total correct collection
Target all ageing concerns in a single regimen
We’re not teenagers anymore, so why do we still have acne? Turns out acne is the most common skin condition in the United States and becoming even more common in adult women.1 Self-reporting studies show statistics as high as 50% of women over age 20 are affected by adult acne.2 The impact of acne often goes well beyond blemishes. People who have acne often also suffer significant physical and psychological effects including permanent scarring, poor self-image, depression and anxiety.3-4
Acne appears when a pore in our skin clogs. Normally, dead skin cells rise to the surface of the pore, and the body sheds the cells. When the body produces too much sebum (the oil that keeps our skin hydrated), the dead skin cells can stick together inside the pore. Instead of rising to the surface, the cells become trapped inside. Bacteria that live on our skin, known as p. acnes, also get inside the clogged pore, which is a perfect environment for bacteria to multiply quickly. The buildup of bacteria in the pore causes it to become inflamed. If the inflammation goes deep into the skin, an acne cyst or nodule may appear.
Signs of acne include blackheads, whiteheads, papules, pustules (aka pimples) and cysts. In teenagers, acne is part-genetic, part-hormonal and largely the result of increased oil production. Adult acne tends to be deeper, more painful and more cyclical. It is usually caused by stress or hormonal fluctuations and is centralized around the mouth, jaw and chin. Because cell turnover slows with age, adult skin can take longer to heal and can be complicated by pigmentation issues.
Fluctuating Hormone Levels:
Women often experience fluctuating hormones surrounding their periods, during pregnancy, peri-menopause, and menopause or after discontinuing (or starting) birth control pills.
An imbalance can lead to breakouts.
When we’re stressed, our bodies produce more androgens (a type of hormone) that stimulate the oil glands and hair follicles in the skin, which can lead to acne.
Studies suggest that some people may have a genetic predisposition for acne.
If you have oily or combination skin and are prone to breakouts, you should be using products labeled “oil-free”, “non-comedogenic”, “non-acnegenic” or “water-based”. Cleansing too frequently or too intensely can also be drying, causing your skin to produce more oil to overcompensate.
Acne is a side effect of some medicines. If you suspect that a medicine is triggering your acne or making it worse, continue taking the medicine — but talk with the doctor who prescribed it.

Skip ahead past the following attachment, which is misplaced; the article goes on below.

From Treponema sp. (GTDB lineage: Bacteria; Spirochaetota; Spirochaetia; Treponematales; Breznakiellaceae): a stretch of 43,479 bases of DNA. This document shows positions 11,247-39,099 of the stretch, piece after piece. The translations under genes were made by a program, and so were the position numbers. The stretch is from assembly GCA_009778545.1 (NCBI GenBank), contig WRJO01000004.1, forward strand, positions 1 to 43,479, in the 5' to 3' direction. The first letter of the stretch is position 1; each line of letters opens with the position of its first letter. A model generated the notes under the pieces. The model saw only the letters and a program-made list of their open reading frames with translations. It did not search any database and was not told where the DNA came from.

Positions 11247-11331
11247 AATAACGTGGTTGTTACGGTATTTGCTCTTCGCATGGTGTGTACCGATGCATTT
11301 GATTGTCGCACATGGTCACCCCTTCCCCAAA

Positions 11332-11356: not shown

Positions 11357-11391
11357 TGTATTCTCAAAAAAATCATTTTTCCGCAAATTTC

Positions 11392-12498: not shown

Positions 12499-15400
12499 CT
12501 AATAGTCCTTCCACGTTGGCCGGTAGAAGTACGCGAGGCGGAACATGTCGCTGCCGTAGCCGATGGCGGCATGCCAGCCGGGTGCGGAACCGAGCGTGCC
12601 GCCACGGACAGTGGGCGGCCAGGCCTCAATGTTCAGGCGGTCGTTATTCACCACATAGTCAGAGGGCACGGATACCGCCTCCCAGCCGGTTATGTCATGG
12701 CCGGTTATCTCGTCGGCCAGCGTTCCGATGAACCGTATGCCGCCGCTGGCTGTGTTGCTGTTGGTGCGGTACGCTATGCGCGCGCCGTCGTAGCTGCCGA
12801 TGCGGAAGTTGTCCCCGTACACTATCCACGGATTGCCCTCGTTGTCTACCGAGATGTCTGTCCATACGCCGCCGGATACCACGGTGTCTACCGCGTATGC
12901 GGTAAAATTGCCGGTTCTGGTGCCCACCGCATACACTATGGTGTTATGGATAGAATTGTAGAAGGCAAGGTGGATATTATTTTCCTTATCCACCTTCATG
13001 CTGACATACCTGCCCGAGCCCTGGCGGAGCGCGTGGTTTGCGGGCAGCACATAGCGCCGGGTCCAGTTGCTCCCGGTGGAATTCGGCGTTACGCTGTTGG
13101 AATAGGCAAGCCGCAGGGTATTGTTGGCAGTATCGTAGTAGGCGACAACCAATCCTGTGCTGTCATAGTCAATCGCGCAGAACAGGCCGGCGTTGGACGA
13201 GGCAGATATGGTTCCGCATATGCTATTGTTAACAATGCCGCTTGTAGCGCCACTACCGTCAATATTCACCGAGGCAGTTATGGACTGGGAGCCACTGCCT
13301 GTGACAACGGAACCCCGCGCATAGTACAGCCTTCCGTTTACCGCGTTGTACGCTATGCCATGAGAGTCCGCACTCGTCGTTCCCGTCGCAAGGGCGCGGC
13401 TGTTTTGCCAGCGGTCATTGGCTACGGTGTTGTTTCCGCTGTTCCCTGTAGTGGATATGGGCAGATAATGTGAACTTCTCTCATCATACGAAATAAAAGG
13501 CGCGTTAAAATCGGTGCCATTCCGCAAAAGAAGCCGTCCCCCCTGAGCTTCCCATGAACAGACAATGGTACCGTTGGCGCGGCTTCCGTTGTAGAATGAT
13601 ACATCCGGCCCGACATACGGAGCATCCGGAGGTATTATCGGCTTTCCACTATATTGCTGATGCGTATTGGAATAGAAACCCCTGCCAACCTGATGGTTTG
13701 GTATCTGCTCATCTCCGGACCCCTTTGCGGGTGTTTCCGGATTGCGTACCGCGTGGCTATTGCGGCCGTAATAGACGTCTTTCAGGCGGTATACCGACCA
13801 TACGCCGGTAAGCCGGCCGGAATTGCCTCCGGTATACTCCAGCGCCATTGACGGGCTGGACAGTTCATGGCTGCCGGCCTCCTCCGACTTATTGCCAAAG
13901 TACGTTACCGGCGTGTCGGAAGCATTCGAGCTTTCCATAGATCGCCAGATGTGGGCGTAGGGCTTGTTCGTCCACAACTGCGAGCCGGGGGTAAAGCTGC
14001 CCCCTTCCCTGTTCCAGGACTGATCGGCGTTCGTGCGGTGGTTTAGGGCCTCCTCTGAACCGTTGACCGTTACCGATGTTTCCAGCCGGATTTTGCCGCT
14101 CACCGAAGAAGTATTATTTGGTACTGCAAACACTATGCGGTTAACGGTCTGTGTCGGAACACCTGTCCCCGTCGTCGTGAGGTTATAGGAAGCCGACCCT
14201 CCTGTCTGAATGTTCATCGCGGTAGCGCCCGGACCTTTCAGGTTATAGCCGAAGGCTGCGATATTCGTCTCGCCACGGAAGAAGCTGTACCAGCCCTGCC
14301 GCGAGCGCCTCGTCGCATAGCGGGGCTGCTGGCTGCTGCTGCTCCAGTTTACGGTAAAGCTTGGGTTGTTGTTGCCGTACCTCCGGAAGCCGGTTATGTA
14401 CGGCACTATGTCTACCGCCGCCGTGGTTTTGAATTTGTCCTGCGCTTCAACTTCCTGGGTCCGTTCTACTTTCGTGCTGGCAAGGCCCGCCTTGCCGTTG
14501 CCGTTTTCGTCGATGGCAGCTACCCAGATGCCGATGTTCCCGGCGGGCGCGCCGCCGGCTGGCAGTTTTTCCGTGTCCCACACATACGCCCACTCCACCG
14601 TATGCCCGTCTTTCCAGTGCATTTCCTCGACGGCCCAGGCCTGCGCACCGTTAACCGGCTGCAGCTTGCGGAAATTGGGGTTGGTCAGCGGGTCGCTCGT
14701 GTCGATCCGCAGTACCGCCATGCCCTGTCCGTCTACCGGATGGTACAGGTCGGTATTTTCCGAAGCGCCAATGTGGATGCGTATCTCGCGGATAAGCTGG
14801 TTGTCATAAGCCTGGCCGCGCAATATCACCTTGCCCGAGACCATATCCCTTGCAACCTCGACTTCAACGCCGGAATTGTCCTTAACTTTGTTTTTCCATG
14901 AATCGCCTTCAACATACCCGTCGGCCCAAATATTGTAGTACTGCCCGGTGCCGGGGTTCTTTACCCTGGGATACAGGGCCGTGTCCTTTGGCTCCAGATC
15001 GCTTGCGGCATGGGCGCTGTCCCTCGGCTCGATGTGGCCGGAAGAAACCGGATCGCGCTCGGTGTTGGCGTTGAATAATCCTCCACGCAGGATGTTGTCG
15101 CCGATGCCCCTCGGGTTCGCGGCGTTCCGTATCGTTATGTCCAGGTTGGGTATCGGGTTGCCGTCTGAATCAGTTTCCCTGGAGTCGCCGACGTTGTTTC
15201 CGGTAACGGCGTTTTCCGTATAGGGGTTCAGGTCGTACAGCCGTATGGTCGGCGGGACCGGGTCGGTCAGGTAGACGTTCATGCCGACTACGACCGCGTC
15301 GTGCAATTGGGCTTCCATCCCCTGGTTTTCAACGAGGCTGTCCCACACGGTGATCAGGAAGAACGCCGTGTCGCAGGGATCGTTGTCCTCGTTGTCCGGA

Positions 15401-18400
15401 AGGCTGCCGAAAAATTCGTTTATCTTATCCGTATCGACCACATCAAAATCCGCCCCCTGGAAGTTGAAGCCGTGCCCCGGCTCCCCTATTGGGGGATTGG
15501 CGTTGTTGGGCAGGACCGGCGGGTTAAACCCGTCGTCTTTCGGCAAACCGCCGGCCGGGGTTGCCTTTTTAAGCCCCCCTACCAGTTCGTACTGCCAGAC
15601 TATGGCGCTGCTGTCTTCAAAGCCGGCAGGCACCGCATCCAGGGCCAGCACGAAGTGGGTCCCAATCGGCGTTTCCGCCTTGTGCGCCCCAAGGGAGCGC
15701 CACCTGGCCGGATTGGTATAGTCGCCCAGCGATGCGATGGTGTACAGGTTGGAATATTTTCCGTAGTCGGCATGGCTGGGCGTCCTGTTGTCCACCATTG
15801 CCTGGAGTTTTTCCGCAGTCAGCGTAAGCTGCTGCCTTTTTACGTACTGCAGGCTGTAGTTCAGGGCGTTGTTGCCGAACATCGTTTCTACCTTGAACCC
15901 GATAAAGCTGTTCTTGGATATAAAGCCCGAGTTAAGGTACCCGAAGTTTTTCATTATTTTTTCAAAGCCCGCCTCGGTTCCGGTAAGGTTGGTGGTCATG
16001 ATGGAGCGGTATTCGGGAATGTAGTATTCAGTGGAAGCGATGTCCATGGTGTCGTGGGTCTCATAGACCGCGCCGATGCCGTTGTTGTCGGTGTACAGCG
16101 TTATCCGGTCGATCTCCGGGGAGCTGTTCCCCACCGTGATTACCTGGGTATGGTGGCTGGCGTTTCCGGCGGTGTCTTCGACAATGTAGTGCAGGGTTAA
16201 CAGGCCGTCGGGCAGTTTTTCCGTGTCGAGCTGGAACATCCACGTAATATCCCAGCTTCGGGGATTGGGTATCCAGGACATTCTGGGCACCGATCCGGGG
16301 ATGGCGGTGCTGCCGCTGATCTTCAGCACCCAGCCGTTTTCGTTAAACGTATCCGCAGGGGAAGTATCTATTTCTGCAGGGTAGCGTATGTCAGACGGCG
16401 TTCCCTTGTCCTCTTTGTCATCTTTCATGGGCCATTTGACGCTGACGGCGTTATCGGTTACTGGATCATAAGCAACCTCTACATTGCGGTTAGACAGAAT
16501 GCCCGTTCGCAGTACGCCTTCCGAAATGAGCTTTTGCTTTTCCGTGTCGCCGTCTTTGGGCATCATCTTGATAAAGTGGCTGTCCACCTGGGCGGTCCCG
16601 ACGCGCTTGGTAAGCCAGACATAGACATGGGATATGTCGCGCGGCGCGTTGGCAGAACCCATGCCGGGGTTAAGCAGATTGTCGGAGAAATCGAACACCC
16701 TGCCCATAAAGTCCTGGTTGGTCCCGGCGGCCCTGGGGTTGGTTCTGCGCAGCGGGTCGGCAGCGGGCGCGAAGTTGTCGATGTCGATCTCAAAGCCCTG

Treatment for adult acne or acne-prone skin focuses on the 4 main contributing factors – overactive sebaceous glands, cell proliferation, bacteria growth and inflammation.
Look for multifunctional products that include ingredients like salicylic acid and glycolic acid, which exfoliate to help remove surface dead skin cells; benzoyl peroxide, which helps kill bacteria; and soothing botanicals that help soothe skin.
While not every product works for everyone who has acne or acne-prone skin, virtually every case of acne can be addressed. It takes time and perseverance. Acne treatment doesn’t work overnight. At-home treatment generally requires 4-8 weeks to see improvement and once acne clears, you must continue treatment to prevent future breakouts.
Always start with a cleanser – and use it twice a day. Follow that with a targeted treatment for skin imperfections and blemishes and then an antiageing primer/ pore minimiser, over or under your moisturiser. Last step is a moisturiser. Although you have oily skin, it’s still important to keep your skin hydrated.
1. AAD: Skin Conditions by the Numbers https://www.aad.org/media/stats/conditions/skin-conditions-by-the-numbers
2. Perkins AC, Maglione J, Hillebrand GG, Miyamoto K, Kimball AB. Acne vulgaris in women: prevalence across the life span. J Womens Health (Larchmt). 2012;21(2):223–230.
3. Rocha MA, Bagatin E. Adult-onset acne: prevalence, impact, and management challenges. Clin Cosmet Investig Dermatol. 2018;11:59–69. Published 2018 Feb 1. doi:10.2147/CCID.S137794
4. Tanghetti EA, Kawata AK, Daniels SR, Yeomans K, Burk CT, Callender VD. Understanding the burden of adult female acne. J Clin Aesthet Dermatol. 2014;7(2):22–30.
5. Acne AAD: https://www.aad.org/public/diseases/acne-and-rosacea/acne
6. Zaenglein, Andrea L. et al. Guidelines of care for the management of acne vulgaris. Journal of the American Academy of Dermatology, Volume 74 , Issue 5 , 945 – 973.e33